The Grammarphobia Blog

So much for that

Q: I have a question about the use of “so” in constructions like “I so appreciate your website” or “I so want to help.” Is this correct usage? It sounds awkward to my ears, and I would substitute the word “really” for “so” here.

A: Used with a verb, “so” can be an intensifier, as it is in the two sentences you mention. This usage is standard English, and the Oxford English Dictionary has citations for it dating back to 1375.

It can precede the verb, as in this line by the poet Edmund Spenser (1579): “What payne doth thee so appall?” Or it can follow, as in this quotation from a story by Charles Gibbon (1884): “I held back because I loved you so.”

The use of the adverb “so” in sentences like these can also be read as elliptical (that is, as a short form) for “so much.”

Using your examples and assuming “so” is being used ellipitically, the complete versions would read: “I so much appreciate your website” … and … “I so much want to help.”

These can be reversed: “I appreciate your website so much” … and … “I want so much to help.”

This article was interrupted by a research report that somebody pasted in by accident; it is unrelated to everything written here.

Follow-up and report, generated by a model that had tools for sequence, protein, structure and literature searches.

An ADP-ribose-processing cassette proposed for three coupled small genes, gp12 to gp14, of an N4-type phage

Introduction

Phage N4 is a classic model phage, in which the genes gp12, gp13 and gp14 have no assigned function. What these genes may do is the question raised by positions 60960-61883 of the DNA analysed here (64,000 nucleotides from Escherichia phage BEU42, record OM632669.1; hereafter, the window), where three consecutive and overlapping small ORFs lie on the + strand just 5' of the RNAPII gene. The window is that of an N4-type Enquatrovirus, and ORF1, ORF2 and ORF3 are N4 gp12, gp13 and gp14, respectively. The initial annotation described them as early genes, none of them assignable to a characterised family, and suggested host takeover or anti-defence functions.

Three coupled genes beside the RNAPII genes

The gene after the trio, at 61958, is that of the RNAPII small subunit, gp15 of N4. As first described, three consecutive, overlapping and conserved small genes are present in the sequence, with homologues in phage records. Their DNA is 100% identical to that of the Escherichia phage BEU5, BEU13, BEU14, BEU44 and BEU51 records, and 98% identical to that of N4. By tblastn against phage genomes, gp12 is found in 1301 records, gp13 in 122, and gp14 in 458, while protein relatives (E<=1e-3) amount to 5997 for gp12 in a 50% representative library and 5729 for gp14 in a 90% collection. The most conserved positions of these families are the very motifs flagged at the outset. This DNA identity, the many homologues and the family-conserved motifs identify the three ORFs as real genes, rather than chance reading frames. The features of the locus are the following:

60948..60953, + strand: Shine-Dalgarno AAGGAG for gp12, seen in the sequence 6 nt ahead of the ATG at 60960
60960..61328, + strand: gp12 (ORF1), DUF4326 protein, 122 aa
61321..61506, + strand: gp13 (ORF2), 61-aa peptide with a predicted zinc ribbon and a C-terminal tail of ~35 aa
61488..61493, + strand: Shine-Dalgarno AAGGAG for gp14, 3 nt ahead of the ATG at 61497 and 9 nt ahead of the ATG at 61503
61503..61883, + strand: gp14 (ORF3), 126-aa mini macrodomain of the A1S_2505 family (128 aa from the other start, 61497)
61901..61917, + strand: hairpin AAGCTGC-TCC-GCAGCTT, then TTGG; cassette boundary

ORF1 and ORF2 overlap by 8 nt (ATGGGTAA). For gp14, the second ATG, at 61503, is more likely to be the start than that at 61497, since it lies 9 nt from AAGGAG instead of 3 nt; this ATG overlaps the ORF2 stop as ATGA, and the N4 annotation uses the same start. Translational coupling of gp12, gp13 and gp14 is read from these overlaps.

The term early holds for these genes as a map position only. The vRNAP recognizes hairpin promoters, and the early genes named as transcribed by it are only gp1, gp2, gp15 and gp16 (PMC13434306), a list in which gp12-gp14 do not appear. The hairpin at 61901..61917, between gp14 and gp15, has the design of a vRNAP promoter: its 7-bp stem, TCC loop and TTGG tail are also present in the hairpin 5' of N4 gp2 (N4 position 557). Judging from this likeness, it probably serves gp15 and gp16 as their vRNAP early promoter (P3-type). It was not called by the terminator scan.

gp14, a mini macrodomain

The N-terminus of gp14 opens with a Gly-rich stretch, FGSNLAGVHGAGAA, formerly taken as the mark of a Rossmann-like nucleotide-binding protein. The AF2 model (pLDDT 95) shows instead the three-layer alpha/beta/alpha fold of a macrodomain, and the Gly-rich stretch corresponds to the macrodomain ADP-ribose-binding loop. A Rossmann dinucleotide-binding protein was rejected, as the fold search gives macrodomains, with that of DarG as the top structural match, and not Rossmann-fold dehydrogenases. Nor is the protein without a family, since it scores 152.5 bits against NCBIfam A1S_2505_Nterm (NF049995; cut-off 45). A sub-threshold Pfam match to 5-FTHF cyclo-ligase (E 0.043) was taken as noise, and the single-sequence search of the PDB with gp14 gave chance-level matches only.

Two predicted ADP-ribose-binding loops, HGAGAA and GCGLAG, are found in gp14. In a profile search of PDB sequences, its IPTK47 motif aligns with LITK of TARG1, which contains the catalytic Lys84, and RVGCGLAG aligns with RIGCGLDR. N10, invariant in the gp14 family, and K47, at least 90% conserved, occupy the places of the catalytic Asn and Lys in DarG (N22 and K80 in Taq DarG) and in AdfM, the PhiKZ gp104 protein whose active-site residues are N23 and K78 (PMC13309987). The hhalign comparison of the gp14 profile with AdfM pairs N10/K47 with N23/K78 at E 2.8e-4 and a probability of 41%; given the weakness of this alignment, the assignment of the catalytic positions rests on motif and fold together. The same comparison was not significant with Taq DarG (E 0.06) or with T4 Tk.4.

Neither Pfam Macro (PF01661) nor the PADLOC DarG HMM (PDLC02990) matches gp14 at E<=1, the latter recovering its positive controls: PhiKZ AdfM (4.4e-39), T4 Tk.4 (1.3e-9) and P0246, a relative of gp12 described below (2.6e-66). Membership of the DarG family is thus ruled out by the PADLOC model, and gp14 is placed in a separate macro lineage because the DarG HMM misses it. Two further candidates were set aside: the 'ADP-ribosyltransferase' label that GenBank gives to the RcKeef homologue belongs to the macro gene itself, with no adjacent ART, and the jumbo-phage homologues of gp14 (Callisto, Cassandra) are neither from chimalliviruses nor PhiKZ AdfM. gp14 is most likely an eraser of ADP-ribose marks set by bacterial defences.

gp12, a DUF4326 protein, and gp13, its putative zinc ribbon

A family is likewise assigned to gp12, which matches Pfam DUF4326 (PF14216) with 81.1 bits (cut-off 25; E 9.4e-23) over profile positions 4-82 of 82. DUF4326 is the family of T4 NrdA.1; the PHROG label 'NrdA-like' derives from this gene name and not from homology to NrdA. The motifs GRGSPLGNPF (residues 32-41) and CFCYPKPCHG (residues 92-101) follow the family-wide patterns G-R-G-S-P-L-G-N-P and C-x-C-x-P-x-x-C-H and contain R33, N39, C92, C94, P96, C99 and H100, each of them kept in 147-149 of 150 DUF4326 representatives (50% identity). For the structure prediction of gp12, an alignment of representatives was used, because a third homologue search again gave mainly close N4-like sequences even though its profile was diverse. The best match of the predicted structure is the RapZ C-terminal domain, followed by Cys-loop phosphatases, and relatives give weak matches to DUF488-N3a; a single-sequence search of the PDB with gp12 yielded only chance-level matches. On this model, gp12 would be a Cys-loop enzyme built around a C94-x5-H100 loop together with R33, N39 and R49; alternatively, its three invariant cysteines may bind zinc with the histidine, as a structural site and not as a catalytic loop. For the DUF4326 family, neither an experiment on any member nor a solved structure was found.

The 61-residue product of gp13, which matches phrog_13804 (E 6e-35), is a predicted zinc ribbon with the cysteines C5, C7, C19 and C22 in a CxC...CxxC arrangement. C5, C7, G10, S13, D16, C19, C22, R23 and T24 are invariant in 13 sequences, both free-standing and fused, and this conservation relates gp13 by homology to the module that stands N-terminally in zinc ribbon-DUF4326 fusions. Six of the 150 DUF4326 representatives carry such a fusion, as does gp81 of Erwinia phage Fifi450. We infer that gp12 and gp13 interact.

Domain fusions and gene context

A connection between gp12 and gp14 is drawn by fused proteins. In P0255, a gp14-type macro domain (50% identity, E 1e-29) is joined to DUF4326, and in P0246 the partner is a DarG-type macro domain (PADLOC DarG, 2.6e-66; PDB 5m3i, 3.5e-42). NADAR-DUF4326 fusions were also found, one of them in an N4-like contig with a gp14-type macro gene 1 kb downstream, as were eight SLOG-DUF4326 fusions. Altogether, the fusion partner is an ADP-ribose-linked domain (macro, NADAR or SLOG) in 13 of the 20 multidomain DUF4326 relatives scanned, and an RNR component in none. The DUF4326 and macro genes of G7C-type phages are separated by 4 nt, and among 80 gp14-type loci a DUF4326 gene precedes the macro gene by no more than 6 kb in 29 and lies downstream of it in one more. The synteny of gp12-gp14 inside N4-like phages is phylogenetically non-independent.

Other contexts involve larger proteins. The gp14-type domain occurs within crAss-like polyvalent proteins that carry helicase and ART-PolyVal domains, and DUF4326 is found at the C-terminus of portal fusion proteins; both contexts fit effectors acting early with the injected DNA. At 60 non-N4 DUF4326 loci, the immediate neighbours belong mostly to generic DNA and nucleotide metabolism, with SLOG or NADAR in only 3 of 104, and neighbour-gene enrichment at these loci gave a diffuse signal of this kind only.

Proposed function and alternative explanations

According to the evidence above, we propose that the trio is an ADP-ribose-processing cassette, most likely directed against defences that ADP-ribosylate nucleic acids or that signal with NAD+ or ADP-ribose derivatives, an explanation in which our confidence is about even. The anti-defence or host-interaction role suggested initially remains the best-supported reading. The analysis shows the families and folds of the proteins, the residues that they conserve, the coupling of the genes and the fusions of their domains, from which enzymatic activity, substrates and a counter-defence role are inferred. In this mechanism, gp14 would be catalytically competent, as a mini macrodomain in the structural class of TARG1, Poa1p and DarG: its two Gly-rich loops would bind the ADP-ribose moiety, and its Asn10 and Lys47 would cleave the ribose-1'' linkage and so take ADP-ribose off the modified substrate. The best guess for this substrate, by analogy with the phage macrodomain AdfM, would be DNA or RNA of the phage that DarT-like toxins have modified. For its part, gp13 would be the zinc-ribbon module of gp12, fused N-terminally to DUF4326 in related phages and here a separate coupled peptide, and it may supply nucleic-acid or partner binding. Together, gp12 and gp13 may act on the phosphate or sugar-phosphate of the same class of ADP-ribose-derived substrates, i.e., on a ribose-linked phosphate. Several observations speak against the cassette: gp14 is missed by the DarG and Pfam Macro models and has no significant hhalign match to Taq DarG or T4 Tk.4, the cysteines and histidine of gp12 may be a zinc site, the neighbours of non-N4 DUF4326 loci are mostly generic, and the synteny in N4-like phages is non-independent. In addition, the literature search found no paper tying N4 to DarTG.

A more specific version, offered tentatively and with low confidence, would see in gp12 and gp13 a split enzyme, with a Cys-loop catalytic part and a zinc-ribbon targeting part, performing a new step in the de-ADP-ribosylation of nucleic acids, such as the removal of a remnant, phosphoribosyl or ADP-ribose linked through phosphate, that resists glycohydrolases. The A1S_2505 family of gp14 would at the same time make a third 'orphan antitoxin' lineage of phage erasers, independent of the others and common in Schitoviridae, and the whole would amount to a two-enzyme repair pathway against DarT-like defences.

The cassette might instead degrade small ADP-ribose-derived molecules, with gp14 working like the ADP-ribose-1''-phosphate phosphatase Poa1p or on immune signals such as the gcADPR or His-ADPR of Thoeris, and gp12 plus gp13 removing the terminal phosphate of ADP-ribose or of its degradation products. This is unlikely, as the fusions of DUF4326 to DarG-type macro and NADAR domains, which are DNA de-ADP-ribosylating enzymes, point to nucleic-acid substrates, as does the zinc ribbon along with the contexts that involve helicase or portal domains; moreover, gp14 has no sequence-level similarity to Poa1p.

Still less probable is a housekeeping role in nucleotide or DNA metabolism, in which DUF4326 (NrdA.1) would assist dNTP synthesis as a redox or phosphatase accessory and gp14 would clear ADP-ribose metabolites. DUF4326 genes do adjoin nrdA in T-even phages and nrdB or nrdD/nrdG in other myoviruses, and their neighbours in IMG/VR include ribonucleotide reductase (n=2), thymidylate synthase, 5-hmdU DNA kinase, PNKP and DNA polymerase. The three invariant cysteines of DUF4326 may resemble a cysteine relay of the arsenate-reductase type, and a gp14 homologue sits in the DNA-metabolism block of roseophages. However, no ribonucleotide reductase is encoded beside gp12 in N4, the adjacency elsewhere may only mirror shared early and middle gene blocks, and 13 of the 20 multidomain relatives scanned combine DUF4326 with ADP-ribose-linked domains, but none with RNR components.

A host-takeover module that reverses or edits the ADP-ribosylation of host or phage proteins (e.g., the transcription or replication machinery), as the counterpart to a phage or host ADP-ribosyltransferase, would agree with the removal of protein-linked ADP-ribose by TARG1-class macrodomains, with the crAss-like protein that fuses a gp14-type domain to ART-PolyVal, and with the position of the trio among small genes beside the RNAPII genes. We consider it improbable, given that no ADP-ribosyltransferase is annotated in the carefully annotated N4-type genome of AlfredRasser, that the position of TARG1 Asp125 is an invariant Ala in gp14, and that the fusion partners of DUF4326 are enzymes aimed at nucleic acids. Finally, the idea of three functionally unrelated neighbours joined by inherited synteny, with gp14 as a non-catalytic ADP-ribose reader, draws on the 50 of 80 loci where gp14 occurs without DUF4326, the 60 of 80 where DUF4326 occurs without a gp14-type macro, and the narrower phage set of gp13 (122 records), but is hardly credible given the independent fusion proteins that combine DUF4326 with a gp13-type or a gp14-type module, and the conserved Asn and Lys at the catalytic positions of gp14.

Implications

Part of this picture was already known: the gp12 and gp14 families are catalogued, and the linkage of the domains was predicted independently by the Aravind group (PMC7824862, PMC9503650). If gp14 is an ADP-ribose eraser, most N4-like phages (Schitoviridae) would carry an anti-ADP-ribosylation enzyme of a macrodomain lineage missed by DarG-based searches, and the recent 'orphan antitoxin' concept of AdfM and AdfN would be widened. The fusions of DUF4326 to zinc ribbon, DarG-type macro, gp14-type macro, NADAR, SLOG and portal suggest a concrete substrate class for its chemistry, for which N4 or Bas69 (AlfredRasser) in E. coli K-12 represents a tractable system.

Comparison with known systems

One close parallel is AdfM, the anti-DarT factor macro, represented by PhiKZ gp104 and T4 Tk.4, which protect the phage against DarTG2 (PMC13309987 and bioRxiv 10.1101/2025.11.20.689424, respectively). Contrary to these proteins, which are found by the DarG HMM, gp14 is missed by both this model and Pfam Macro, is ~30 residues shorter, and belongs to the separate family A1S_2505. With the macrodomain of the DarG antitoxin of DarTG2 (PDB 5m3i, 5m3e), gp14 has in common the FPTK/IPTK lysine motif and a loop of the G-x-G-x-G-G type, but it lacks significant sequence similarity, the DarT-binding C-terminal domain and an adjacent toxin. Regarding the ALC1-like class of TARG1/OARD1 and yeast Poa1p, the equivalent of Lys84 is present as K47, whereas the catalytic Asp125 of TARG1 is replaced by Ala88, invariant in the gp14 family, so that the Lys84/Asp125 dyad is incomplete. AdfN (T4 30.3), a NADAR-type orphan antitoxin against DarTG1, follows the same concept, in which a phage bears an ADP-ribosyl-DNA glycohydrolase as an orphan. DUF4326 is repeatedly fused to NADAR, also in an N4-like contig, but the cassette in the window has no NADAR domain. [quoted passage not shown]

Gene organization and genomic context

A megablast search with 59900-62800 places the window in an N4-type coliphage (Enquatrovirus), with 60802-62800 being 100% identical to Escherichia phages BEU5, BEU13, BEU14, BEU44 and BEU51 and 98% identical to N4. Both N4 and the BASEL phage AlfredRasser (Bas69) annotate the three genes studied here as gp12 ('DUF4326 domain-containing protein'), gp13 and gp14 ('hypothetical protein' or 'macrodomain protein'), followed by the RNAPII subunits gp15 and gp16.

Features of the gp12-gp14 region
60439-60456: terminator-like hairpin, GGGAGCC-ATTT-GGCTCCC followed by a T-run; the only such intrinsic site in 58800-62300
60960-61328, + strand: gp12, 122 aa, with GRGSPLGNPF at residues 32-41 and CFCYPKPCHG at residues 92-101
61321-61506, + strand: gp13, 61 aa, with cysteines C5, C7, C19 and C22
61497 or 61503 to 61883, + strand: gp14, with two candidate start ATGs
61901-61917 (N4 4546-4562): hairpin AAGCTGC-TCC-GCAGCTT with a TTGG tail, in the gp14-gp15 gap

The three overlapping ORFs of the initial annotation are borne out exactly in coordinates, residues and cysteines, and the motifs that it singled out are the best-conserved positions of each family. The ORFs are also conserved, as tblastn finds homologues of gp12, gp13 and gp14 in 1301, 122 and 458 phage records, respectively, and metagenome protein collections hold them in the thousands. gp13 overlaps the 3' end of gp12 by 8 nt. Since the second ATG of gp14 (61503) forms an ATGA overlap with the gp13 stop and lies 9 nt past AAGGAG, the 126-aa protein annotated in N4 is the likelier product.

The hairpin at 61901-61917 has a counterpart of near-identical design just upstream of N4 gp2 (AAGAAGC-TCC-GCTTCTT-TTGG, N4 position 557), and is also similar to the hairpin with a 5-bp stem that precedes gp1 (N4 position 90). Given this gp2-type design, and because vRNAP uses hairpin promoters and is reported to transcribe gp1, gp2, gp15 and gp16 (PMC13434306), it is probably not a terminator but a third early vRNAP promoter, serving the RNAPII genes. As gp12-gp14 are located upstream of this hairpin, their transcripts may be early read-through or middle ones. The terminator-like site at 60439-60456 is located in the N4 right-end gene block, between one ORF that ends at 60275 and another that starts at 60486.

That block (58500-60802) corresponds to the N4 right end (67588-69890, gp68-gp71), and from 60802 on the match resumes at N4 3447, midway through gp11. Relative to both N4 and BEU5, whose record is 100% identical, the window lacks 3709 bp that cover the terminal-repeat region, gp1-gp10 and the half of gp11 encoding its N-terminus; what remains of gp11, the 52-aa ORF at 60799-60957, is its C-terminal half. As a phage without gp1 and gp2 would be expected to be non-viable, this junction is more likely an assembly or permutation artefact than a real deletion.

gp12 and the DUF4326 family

Here, “so much” is an adverbial phrase (similar to “very much”) that modifies the verbs “appreciate” and “want.” 

There’s also a slangy use of “so” in which the word is used as an intensifier to form what the OED calls “non-standard grammatical constructions.” Example: “You’re so Brooks Brothers.”

Here, “so” is used  in unexpected ways to modify a noun or noun phrase, a verb, an adjective, or another adverb. Its meaning is “extremely” or “decidedly.”

The earliest citation in Oxford is dated 1923, from Ronald Firbank’s novel The Flower Beneath the Foot: “What can you see in her…? She’s so housemaid.”

But this appears to be an isolated example, the OED says, and unrelated to the avalanche of late 20th-century usages. Here’s a sampling of those:

“You’re so the opposite!” – 1979, from the movie Annie Hall, written by Woody Allen and Marshall Brickman.

“Grow up, Heather. Bulimia’s so ’86.” – 1988, from the movie Heathers, written by Daniel Waters.  

“We so don’t have time.” – 1996, from a Buffy the Vampire Slayer episode, written by Joss Whedon.

“The kid gloves are so off.” – 2001, in the magazine Heat. 

“I am so getting the milkshake.” – 2004, in the New York Times.

“You’ve seen the carousel and it’s so not cool to be seen here if you’re over nine years old.” – 2005, from Jan M. Czech’s novel Grace Happens.

In case you’re interested, we wrote a blog entry a while back about “so that.” And another about the increasingly common practice of indiscriminately starting sentences with “so.”

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